More in Cattle Genetics

  • Mar 14, 2012
    video

    Practical DNA Application

    How can cattlemen use DNA testing in their herds? One application is to develop within-herd EPDs in multi-sire pastures. John Genho with Livestock Genetic Services in Woodville, VA, explains....More
  • Mar 1, 2012
    blog

    How Much Is A Good Bull Worth? 5

    I received several emails last week questioning my comments about the increased value of genetics and whether one can justify the record prices we’re seeing for bulls. So, I spent some time looking at the numbers between bulls with very solid EPD profiles and comparing them to breed average bulls....More
  • Feb 29, 2012
    video

    Heifer Breeding Soundness Exam

    Cattlemen are usually familiar with the need to conduct a breeding soundness exam on their bulls. But Buddy Faries, Jr., veterinarian with the Texas AgriLife Extension Service, says it's just as important to conduct a BSE on your heifer prospects, and use the results of that exam in your selection decisions....More
  • how to buy a herd bull
    Feb 29, 2012
    Commentary

    Buying A New Herd Bull? Do These 4 Steps First

    Are you thinking about buying a new herd bull? Investing in the genetic future of your cowherd is a critical step in your cowherd’s health and profitability. Here are 4 steps you must consider before writing that check....More
  • Feb 24, 2012
    blog

    Looking For Reproductive Efficiency Answers

    During the recent national Cattle Industry Convention, I sat in on a meeting where the crux of the discussion was how best to improve reproductive efficiency in the nation’s cowherd....More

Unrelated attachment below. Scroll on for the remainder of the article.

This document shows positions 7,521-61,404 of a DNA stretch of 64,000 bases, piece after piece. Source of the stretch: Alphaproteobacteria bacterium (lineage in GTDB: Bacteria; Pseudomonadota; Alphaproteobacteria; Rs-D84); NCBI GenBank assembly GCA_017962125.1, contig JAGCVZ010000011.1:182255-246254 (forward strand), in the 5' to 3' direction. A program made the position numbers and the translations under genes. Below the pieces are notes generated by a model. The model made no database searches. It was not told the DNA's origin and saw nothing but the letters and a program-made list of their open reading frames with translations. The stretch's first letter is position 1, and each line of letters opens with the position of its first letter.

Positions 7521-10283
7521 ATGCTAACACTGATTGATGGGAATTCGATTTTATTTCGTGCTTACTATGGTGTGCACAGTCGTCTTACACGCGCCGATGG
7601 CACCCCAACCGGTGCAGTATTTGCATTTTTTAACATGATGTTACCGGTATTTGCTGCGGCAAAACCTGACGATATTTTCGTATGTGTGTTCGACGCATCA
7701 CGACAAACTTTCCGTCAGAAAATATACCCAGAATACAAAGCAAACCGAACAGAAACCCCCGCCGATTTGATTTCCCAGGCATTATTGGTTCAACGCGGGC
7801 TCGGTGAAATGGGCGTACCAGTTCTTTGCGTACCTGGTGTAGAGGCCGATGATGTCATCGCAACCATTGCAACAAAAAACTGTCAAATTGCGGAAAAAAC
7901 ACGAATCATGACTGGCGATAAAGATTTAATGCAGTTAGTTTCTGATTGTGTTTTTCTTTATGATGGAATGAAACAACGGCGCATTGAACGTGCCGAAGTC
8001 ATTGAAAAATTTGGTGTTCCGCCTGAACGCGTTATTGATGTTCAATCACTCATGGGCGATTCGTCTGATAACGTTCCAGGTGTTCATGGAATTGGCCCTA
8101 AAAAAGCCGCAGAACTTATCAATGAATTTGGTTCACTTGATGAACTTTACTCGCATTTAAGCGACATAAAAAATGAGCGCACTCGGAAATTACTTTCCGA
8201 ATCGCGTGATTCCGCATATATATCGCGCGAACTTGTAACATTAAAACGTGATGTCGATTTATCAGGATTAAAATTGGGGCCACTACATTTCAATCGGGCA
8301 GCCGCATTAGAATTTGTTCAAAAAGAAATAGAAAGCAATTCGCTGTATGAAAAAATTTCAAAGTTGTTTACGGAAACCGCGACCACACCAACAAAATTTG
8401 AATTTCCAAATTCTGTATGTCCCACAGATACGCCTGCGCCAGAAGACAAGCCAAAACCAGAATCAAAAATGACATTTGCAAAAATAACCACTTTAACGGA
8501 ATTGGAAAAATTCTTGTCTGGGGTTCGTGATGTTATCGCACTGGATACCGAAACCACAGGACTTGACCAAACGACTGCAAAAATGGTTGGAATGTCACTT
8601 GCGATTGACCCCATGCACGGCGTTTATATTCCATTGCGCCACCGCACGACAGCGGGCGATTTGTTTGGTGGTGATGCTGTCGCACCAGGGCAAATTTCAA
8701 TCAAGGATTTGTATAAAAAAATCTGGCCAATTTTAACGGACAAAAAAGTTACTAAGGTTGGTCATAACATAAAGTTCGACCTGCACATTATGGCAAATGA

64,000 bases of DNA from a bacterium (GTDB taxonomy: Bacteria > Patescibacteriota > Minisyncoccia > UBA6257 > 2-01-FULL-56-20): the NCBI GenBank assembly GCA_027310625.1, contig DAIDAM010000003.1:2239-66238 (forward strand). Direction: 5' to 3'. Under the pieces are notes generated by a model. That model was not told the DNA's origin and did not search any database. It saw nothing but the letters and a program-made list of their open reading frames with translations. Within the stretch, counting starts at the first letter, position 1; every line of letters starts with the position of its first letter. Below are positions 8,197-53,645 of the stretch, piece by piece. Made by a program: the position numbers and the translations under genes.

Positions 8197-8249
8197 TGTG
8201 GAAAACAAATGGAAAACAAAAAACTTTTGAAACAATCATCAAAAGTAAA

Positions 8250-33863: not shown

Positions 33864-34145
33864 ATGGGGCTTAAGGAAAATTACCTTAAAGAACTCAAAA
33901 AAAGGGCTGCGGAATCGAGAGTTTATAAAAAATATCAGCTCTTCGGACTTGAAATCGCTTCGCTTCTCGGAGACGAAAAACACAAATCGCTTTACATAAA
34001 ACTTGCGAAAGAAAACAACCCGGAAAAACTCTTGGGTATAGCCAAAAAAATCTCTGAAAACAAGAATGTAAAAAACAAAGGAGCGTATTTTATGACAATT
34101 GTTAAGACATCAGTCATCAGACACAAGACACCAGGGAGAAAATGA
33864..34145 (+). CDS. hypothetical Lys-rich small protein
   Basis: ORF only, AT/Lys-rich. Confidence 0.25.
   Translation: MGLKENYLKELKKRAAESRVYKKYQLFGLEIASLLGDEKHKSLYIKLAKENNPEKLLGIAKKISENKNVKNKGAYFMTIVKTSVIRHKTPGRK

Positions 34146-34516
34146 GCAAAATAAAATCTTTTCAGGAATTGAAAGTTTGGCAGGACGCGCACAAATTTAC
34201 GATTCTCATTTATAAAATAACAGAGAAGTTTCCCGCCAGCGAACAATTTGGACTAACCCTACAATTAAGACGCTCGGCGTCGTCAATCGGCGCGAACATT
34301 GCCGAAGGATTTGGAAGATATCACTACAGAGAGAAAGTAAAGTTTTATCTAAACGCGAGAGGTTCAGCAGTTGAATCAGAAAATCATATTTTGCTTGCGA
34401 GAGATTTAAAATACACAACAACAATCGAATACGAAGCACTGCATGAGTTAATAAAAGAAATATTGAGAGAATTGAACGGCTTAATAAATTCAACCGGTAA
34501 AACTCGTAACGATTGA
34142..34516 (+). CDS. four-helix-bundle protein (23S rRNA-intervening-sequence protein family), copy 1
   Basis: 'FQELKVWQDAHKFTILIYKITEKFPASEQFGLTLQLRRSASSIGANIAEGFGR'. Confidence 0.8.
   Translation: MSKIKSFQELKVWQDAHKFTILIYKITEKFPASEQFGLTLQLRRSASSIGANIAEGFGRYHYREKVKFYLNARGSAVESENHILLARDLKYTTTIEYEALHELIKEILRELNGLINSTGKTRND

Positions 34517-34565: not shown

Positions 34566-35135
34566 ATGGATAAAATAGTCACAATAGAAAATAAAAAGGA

• Feb 7, 2012
    video

    Reproductive Management Stressed At Cattlemen's College In Nashville

    BEEF Senior Editor Burt Rutherford gives a review of the sessions he attended at the Cattlemen's College held at the Cattle Industry Convention in Nashville, TN....More
  • Jan 26, 2012
    blog

    Crossbreeding Is Becoming Cool Again

    While manicuring the individual trees of cattle performance traits, the cow-calf industry apparently missed the proverbial forest. At least it has if you consider that three primary measures of cow productivity – weaning weight, pregnancy rate and pounds weaned per cow exposed – are static to declining. That’s according to data presented by David Lalman, Oklahoma State University Extension beef specialist, and Stan Bevers, Texas AgriLife Extension agricultural economist (see “U.S.Beef Cow Productivity Is Stagnant")....More

Sponsored Introduction Continue on to (or wait seconds) ×